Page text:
Let’s get right down to business, and start with something really beautiful. Seb Lester, who I’ve mentioned on these pages before, recently released a new poster. The picture below really doesn’t do it justice. The silver print on gorgeous Plike paper is absolutely stunning:
In fact, I don’t like to call this a poster. Flames is a work of art, deserving of a frame. Hand-pulled screen print, A2, metallic silver ink on black 240gsm Plike paper; a limited, signed edition of 100. And, you can now buy it from ILT. These won’t be around long, so hurry if you wish to own one. I’ll soon been posting more of Seb’s prints to the ILT shop. I’ll announce them via Twitter.
Love the work of artist Steve Lambert. Where signage meets art. Wonderful:
Like this piece by Luis Vicente Hernandez, from Madrid. Kind of Art Deco meets wood type:
Like this woven geometric lettering from Jordan Metcalf:
Wear some glyph with one of these MyFonts t-shirts. Which would you wear?
Design Observer scores another hit with this great post on Printers’ marks:
In fact, some of my personal favourite printers’ marks are to be found in Swedish books. Perhaps I’ll write about that some day.
Your message in the sky with SkyTypers. The video on the home page shows how it’s done:
Just pretend you didn’t see the typeface used to set the captions.
What to do with all those old CDs? Well, you could try something like this:
Helvetica Neue Bold, but not as we know it. Sign constructed from 640 CDs.
Fire Type from You should like type too:
This is a great exercise. Take a movie, any movie, and create a poster for it; only using the title and the bare minimum of ornament. A wholly typographic poster:
If you decide to have a go, then be sure to show me.
This next one elicited a wow! These photos are stunning:
What’s even more exciting [deep, shallow breaths] is that you can buy the letters:
Must resist the urge, must resist …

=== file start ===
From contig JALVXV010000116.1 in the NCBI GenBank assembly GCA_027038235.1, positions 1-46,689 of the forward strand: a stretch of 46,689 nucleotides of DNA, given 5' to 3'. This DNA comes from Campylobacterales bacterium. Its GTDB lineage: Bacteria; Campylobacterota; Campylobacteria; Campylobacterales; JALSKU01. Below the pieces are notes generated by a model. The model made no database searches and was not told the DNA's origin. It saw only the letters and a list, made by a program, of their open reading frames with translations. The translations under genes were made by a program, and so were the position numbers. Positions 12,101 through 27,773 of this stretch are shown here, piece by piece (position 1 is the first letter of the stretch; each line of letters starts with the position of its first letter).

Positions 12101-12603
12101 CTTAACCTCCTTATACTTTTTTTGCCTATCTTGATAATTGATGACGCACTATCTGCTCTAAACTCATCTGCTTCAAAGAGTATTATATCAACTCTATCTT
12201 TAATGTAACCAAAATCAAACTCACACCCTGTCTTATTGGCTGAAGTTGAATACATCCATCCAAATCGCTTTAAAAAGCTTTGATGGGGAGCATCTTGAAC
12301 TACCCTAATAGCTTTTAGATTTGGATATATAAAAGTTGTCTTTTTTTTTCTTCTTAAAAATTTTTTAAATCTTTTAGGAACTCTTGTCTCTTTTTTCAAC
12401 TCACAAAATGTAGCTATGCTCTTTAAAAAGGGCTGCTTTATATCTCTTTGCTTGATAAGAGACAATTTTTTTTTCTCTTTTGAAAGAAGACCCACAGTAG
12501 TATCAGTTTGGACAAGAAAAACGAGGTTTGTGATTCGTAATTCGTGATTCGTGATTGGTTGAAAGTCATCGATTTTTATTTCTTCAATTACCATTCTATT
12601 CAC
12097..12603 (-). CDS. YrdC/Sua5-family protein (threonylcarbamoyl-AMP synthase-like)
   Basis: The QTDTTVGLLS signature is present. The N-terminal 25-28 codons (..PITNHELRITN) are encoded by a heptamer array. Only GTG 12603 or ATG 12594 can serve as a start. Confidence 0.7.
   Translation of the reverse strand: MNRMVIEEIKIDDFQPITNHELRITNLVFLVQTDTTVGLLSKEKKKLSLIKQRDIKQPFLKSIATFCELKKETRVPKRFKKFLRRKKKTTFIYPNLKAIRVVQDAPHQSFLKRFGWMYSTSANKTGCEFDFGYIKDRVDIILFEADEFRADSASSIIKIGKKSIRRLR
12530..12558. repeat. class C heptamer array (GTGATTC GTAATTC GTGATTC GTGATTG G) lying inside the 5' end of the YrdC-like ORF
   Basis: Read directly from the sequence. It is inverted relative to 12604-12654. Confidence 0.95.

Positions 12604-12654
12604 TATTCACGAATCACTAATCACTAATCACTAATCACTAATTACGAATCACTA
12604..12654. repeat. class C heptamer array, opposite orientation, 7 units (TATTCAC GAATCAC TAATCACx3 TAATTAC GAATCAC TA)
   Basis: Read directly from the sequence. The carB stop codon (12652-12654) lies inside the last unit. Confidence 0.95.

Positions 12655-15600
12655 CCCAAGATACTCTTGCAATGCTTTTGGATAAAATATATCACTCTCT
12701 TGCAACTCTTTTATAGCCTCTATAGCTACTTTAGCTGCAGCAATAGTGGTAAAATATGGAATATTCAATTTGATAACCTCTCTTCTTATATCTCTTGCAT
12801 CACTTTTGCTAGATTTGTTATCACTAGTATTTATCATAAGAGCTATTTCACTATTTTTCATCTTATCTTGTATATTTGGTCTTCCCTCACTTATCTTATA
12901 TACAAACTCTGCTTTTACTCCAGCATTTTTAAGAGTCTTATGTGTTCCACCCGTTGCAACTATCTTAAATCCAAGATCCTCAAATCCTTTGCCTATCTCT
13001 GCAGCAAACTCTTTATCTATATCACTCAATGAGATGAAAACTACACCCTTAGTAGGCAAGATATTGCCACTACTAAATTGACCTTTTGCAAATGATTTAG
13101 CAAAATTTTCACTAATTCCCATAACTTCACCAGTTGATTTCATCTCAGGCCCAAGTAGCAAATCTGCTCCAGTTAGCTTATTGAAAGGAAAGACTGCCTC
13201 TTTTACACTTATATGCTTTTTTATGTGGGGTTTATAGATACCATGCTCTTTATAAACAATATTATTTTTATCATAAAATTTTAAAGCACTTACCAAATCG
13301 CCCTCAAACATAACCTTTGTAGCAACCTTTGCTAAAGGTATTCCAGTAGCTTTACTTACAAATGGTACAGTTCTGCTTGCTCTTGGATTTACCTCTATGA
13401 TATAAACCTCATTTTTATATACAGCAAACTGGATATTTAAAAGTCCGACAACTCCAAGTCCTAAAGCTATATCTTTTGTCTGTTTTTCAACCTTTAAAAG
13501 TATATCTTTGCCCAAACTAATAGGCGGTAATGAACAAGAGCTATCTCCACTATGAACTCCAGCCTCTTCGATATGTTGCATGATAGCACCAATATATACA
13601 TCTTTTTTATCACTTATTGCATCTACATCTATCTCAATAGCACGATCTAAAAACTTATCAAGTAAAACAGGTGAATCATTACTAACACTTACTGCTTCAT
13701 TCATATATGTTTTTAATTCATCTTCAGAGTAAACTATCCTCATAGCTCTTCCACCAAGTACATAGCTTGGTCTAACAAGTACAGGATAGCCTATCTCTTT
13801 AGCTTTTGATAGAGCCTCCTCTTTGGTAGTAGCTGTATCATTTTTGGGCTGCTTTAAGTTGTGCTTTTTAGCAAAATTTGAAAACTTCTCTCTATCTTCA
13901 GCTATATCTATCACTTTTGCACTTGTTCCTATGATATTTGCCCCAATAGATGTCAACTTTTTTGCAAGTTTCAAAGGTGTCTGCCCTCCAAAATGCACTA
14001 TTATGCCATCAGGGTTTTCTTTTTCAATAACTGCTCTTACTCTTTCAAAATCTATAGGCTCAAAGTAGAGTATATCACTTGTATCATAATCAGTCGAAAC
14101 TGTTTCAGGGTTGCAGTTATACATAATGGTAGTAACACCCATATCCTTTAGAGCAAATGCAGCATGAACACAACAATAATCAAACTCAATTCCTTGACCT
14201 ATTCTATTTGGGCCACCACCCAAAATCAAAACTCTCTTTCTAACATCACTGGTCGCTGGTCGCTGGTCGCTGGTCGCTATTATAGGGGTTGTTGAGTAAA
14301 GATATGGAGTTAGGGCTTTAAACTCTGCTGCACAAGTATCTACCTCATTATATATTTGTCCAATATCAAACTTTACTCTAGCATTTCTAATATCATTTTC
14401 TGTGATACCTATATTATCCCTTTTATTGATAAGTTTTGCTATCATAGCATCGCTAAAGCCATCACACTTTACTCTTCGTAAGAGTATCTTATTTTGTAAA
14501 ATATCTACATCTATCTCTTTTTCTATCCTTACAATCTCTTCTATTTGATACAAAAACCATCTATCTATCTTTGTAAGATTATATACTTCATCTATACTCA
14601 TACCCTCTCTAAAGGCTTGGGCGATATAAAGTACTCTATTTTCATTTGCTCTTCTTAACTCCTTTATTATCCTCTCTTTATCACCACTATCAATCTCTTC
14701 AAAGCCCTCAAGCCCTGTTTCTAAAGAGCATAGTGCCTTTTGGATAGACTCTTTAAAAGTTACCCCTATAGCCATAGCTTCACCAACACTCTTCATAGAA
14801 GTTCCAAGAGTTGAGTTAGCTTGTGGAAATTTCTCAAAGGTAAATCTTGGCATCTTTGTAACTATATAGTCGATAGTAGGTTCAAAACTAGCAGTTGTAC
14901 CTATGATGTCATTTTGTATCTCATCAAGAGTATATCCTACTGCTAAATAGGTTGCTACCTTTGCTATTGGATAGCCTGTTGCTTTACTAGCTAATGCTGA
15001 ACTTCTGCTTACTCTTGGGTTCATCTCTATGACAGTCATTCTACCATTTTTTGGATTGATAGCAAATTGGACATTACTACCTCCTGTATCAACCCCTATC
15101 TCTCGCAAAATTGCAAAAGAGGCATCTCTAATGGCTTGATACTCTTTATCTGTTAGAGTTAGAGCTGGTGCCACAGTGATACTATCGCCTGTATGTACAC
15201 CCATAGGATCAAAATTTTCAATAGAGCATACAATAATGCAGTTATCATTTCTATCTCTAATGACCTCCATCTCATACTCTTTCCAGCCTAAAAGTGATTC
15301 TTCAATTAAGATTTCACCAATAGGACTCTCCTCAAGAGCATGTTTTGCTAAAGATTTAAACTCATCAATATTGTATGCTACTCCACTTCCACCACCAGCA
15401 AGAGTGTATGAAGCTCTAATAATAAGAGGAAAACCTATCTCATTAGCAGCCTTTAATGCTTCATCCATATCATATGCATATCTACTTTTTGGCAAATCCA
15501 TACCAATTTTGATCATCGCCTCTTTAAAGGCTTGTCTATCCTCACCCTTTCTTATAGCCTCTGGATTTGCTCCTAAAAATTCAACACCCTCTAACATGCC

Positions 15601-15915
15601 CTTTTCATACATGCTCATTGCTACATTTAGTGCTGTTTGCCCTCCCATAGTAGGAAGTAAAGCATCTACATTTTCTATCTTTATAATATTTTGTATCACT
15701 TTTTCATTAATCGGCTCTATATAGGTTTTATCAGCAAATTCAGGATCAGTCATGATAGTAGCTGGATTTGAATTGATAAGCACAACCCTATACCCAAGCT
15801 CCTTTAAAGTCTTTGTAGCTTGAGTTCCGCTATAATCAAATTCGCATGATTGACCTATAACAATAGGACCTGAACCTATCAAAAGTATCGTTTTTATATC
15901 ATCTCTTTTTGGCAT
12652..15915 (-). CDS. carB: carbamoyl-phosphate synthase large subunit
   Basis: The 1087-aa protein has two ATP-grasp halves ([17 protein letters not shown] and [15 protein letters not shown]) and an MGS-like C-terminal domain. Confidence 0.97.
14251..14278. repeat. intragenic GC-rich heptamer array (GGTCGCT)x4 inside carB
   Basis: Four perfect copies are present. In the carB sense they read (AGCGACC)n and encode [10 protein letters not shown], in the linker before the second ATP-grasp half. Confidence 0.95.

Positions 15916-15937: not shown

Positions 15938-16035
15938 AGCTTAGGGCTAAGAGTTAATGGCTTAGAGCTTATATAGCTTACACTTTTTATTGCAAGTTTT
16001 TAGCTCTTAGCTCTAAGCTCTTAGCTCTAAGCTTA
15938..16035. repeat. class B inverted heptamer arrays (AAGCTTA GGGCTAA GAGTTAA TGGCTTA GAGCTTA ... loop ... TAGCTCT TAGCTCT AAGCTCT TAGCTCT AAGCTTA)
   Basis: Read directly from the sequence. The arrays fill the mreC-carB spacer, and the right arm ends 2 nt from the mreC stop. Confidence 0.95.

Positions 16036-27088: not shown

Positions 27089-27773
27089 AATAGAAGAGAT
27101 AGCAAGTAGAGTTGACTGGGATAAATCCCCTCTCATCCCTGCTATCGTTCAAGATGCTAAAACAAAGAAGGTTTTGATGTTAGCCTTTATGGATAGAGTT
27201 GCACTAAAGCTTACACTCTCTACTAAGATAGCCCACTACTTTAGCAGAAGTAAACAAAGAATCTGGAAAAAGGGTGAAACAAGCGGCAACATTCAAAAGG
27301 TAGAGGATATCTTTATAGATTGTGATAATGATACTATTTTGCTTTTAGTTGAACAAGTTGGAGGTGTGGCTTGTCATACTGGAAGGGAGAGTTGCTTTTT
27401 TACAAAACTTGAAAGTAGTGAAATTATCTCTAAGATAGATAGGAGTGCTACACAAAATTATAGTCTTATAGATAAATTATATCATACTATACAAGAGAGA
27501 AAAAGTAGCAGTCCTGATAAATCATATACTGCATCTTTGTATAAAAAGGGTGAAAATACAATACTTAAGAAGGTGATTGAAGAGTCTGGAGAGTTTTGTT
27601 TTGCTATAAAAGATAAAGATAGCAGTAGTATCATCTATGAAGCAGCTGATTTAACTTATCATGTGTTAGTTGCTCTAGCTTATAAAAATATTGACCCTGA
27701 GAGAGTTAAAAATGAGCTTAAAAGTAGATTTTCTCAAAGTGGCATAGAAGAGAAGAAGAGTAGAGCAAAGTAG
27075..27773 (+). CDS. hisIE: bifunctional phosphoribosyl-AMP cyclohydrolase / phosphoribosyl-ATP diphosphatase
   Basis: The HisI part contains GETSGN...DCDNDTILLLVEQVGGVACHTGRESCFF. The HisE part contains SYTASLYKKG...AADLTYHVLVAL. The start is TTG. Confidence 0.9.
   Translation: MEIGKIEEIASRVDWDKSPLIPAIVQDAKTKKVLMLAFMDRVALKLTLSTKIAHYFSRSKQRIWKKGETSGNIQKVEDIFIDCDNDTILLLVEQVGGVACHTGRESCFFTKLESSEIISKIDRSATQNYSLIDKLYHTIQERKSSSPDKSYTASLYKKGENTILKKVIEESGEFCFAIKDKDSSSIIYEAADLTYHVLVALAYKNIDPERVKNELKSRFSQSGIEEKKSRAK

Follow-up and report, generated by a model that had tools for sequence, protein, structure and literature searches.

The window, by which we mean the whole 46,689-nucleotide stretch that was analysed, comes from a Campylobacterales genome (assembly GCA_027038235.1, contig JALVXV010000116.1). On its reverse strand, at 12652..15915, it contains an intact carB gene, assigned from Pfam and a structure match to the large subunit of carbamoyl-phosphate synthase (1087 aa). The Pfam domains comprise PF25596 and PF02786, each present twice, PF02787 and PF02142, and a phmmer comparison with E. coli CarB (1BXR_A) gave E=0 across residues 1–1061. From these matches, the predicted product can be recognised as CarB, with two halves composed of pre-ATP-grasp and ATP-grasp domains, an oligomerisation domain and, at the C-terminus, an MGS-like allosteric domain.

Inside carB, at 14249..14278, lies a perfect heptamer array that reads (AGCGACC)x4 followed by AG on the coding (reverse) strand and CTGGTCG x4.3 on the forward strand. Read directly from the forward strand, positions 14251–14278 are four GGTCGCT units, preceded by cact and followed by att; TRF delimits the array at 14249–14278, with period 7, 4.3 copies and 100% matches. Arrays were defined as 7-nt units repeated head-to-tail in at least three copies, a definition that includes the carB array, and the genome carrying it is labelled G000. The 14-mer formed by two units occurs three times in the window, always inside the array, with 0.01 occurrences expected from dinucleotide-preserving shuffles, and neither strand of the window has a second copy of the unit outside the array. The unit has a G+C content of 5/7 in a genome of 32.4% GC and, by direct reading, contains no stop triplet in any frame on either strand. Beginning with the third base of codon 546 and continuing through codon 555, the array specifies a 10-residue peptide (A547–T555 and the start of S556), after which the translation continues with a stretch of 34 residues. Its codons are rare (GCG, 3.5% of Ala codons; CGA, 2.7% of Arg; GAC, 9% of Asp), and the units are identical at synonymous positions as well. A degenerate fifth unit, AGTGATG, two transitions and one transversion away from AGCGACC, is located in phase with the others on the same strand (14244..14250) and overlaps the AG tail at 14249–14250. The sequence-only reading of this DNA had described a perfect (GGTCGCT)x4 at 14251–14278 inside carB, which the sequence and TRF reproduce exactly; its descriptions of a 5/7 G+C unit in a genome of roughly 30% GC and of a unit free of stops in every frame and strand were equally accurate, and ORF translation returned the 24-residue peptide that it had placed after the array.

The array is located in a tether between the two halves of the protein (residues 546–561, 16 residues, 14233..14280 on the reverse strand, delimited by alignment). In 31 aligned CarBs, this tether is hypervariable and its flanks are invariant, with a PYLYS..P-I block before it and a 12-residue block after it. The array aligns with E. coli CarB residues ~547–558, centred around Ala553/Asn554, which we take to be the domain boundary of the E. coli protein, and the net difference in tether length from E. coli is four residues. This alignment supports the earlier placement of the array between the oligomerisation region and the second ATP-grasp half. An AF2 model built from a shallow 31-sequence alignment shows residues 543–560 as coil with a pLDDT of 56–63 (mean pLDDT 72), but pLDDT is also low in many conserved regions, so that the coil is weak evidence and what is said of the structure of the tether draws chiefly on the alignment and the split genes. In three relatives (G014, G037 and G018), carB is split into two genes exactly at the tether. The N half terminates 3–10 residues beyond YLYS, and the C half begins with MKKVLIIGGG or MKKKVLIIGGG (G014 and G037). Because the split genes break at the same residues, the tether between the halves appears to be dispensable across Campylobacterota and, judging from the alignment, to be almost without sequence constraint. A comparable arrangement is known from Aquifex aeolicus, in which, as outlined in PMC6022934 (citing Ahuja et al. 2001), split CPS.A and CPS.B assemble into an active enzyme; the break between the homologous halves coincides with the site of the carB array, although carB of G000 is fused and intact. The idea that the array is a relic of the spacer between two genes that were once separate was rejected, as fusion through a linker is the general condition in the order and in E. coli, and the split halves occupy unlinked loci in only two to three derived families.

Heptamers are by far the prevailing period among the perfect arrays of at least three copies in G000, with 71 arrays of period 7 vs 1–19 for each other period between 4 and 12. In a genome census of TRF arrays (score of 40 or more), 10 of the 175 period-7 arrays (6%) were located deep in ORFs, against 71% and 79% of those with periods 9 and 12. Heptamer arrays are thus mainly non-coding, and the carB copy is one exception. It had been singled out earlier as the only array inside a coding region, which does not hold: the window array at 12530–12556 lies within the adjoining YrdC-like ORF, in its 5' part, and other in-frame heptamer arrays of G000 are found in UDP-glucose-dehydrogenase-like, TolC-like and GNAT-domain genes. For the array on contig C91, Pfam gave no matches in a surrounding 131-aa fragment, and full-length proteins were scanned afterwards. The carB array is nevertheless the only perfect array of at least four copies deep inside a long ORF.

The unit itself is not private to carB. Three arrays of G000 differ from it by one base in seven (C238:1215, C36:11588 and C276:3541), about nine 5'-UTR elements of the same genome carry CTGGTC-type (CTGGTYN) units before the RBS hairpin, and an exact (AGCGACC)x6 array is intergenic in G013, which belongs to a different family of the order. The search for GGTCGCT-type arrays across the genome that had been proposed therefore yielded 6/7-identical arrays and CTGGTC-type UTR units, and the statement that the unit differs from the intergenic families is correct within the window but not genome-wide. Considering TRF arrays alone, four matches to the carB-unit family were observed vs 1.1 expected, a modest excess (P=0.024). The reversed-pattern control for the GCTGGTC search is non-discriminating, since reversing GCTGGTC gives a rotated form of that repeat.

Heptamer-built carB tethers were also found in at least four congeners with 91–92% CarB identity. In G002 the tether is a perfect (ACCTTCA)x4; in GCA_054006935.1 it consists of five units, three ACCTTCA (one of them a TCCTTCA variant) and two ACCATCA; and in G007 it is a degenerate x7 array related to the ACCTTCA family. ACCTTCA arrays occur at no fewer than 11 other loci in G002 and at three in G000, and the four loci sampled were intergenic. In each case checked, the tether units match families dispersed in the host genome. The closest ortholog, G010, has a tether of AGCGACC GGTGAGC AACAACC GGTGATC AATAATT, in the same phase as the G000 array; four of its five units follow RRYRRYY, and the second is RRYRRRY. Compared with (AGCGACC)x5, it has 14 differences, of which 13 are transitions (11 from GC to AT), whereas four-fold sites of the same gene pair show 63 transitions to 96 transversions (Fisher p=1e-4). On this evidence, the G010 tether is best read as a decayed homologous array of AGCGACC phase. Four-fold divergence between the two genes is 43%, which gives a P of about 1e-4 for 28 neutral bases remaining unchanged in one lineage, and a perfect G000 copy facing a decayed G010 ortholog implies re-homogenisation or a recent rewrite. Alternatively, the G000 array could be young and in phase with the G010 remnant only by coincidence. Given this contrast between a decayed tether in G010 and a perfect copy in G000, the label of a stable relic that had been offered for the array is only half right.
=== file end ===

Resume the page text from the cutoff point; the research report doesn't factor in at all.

Thanks to David Brown for the heads up. Also mentioned on the Ministry of Type.
Here’s something else I found via Ministry of Type. The Berlin Museum of Letters:
The World Digital Library is definitely worth taking a look at. Pan, zoom, download, enjoy:
Oddly enough, I discovered this Web site in my newspaper.
Really like the work of Japanese Commune Inc; especially this piece, and how it constructs kana from elements of the Latin alphabet:
I’ve seen this type of treatment before, but most make a pig’s ear of it.
Great Flickr set of covers from the Spanish magazine Nuevo Mundo:
Beautiful signage by fokusform:
Some nice branding/identity from Hook:
Just in case you haven’t seen the work of Alison Carmichael:
Smashing Magazine compiled a list of 30 typefaces for corporate design. I usually sigh when I see these lists; however, this is a good one. Here’s one of my favourites from the list:
I’ve been playing with the new Gotham Narrow, and I love it. If you’re a fan of Gotham (and who isn’t), then the new narrow is a welcome edition to the family. And, if you can’t stretch to buying all the new Gothams, then I’d recommend starting with Gotham Condensed.
Lots of new typefaces released recently. Here are my top picks:
TDC2 2008 winner, National, from Kris Sowersby, now comes with light and thin weights, with respective italics. Fantastic:
Be sure to take a look at the PDF specimen. The Village specimens are excellent. Would love to see more foundries publishing such comprehensive specimens. A word of warning, however: if you print the specimen, you’ll then be consumed by an overwhelming desire to buy it.
Virtuosa, one of Hermann Zapf’s first typefaces gets an OpenType overhaul, and much more besides. Meet Virtuosa Classic:
From Fountain Type, the new Meadow, drawn by Swedish type designer Göran Söderström:
Next up is a display face from James Puckett. The nomenclature set to reflect the present global economy. Meet Downturn:
It’s quirky in its intended unevenness, quite square, blocky, no-nonsense, industrial.
Matagrosso, a new rustic calligraphic script from Sudtipos: